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February 6, 2019

Lead(H)er: Catherine Richards, Vice President of Analytics and Scientific Engagement at BHE

Catherine Richards knew academia wasn’t a place she would spend her entire career, but the nearly 10 years she spent in that world did a lot to prepare her for a career in healthcare analytics.

She earned her master’s degree and a doctorate in epidemiology at Columbia University, where she conducted research, taught classes, and created courses of her own.

“When I was a graduate student, I obsessed with methods,” Richards said. “I didn’t care about the therapeutic area I was working in as much as I enjoyed figuring out, is this the right method for the right question?”

Thanks to her background, Richards is no stranger to teaching, programming, and technology. As a graduate student in epidemiology, she was required to learn at least one statistical programming language. Now, Richards is a programming polyglot, with experience in SAS, R, Stata, SPSS, HTML, CSS, JavaScript, D3, and of course IHD. She’s self-taught in many of the programming languages she learned.

“It’s like any language,” Richards said. “Once you know one programming language, it’s easier to learn the others.”

At the Fred Hutch Cancer Research Center, Richards helped work on an oncology informatics platform with a local software company. “The project was probably no more than 20% of my job, but I loved it. I loved combining technology with science to improve the understanding of research and make it more efficient and transparent,” Richards said. So, in her spare time, she built a prototype for a phone app to help researchers collect out-of-pocket expenses for cancer care more efficiently than the classic pen-and-paper method.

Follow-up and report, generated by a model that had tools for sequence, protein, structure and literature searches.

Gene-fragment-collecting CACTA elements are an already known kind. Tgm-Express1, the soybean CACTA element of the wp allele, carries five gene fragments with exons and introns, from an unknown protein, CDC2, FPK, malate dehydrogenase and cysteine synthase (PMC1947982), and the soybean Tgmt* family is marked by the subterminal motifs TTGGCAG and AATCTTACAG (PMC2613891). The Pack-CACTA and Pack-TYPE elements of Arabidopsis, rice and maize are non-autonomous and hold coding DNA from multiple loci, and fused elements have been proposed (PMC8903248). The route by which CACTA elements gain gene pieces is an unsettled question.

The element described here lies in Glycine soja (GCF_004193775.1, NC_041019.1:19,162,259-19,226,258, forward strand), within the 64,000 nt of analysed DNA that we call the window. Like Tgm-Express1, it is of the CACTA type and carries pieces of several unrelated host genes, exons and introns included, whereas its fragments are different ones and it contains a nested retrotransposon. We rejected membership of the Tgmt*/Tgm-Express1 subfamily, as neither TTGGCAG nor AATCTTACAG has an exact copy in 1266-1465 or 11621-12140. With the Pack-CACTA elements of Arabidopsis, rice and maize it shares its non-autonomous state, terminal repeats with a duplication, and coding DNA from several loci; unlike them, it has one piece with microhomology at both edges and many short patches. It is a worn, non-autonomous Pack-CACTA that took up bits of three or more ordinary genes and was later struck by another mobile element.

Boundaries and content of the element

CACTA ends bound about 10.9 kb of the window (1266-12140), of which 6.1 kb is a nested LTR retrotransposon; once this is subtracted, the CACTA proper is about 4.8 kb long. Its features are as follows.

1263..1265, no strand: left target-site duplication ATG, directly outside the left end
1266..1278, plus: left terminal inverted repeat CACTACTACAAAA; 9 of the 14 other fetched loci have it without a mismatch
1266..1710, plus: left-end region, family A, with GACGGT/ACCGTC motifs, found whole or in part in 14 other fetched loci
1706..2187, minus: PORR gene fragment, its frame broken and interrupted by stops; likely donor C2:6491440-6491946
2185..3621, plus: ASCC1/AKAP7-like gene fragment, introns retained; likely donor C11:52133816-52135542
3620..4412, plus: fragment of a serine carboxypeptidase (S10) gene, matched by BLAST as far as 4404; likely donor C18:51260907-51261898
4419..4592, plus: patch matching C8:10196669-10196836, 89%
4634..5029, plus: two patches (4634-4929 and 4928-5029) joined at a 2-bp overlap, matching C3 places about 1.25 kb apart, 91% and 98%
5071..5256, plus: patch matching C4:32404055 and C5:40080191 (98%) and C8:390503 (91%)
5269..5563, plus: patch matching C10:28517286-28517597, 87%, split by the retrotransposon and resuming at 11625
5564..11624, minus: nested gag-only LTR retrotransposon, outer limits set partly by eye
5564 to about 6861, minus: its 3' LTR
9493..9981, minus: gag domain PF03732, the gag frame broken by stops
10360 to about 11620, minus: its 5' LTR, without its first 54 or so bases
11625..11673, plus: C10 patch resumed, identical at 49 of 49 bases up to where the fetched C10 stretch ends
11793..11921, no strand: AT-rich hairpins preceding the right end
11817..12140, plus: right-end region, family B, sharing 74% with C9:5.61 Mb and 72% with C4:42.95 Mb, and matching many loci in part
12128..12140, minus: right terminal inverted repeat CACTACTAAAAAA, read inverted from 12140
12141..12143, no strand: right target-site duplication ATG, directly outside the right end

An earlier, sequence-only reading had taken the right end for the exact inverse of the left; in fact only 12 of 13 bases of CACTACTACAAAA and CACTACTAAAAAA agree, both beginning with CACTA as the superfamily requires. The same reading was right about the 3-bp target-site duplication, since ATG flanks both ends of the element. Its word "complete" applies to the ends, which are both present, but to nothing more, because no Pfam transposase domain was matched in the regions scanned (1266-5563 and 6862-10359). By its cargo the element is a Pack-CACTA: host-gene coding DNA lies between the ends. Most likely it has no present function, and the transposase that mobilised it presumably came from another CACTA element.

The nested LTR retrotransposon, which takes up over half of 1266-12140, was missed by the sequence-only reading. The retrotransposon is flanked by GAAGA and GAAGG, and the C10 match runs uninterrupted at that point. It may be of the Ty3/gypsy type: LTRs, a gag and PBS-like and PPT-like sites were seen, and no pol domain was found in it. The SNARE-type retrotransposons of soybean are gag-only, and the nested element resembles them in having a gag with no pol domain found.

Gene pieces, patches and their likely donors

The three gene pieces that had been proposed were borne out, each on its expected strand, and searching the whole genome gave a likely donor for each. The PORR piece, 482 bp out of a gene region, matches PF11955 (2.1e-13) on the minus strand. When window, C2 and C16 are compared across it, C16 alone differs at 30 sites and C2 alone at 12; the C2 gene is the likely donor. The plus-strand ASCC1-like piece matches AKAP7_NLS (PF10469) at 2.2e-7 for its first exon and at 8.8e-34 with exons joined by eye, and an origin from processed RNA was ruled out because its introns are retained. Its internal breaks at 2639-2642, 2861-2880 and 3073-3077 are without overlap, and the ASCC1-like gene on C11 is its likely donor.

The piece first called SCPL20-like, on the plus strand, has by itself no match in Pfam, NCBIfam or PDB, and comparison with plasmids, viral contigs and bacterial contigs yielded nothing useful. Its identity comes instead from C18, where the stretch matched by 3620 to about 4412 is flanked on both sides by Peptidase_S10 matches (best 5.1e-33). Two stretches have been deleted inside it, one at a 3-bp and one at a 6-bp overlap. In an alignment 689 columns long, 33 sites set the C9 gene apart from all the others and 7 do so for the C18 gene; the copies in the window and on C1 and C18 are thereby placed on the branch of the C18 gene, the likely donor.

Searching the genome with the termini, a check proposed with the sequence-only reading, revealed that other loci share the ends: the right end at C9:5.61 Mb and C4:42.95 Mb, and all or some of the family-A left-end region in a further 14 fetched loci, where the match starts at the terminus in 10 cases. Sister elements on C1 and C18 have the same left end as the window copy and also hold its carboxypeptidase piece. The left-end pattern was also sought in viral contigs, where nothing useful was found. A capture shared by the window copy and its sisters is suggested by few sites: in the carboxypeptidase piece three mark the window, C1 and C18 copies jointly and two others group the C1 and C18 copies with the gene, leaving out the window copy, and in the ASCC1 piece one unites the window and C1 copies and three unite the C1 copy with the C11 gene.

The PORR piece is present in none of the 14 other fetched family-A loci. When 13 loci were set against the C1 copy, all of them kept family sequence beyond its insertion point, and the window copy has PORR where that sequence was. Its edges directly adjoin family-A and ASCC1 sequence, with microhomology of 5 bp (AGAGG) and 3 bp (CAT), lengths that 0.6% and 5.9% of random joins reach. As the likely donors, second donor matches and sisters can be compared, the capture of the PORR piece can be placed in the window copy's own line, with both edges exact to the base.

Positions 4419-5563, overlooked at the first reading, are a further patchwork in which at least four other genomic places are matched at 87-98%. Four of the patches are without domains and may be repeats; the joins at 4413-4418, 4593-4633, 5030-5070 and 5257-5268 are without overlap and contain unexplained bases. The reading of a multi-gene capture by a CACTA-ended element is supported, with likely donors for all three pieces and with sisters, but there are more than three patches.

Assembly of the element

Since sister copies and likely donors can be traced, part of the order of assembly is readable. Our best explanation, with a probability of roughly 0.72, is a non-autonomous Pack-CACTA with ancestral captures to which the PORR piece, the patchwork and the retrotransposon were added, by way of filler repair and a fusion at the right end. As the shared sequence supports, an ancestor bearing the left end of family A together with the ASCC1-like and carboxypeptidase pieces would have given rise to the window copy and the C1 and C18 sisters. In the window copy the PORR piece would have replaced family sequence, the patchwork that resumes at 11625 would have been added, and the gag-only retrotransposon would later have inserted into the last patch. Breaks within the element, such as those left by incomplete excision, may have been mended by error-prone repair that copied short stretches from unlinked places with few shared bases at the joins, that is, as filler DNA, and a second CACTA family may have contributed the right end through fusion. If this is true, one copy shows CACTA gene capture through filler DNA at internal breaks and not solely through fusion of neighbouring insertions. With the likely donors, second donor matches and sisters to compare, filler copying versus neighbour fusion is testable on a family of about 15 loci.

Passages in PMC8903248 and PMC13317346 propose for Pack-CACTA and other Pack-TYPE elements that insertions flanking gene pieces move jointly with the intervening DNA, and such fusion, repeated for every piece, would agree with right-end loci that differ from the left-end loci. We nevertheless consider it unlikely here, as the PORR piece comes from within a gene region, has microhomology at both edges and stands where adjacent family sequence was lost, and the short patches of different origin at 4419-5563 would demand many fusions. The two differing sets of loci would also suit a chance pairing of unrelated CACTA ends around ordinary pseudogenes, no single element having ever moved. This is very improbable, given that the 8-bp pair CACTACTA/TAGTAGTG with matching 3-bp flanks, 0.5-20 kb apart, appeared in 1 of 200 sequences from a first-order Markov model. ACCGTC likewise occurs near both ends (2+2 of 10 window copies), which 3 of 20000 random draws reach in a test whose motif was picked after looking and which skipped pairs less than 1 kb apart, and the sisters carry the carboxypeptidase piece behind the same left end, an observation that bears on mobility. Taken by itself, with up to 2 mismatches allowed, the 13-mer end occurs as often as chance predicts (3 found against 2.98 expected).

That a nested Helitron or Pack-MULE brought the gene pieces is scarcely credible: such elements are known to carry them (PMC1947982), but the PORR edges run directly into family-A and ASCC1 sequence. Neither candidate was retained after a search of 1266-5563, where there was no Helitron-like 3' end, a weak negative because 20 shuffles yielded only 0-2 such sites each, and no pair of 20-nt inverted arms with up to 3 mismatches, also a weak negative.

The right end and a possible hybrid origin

After Fred Hutch, she spent a short time at another healthcare analytics company, before accepting a position at Boston Health Economics (BHE), where she serves as the company’s Vice President of Analytics and Scientific Engagement. Now, she’s using her teaching and programming skills to help BHE continue its success. BHE is a financially-secure company, as it’s been around for more than 20 years, but because of the success of IHD, it is also a rapidly-expanding company with a start-up atmosphere and a lot of room for professional growth opportunities.

Catherine Richards at work

When she began at BHE, Richards and her team worked to implement database consulting studies and to provide instruction and support to customers using BHE’s proprietary Instant Health Data (IHD) platform. When traditional programming tools weren’t able to handle the large amounts of healthcare data BHE was analyzing on a daily basis, the company developed IHD as an internal replacement. Since then, BHE has licensed the product, which is widely used throughout the healthcare industry.

Richards’ team at BHE initially consisted of just two other people. Since then, the team has grown to 12, and Richards is enjoying the challenge of managing her team during this growth period.

“What’s most important to me is constantly improving as a manager and leader to make sure that my team is running effectively and feeling fulfilled in their work,” she said. “I also work very hard to nurture a team-oriented, collaborative environment. One where the better we all do as a team the more we all grow and benefit individually.”

She’s also dedicated to creating a team with varied backgrounds and experiences. While it’s a common perception to think candidates with data science or computer science backgrounds may be a good fit for her team, Richards finds value in looking to schools of public health for the next wave of researchers and analysts to join her team. “I think epidemiologists, biostatisticians and health economists have an important role to play in this era of big data as many of them understand the importance of causal inference, something lacking in many data science backgrounds.”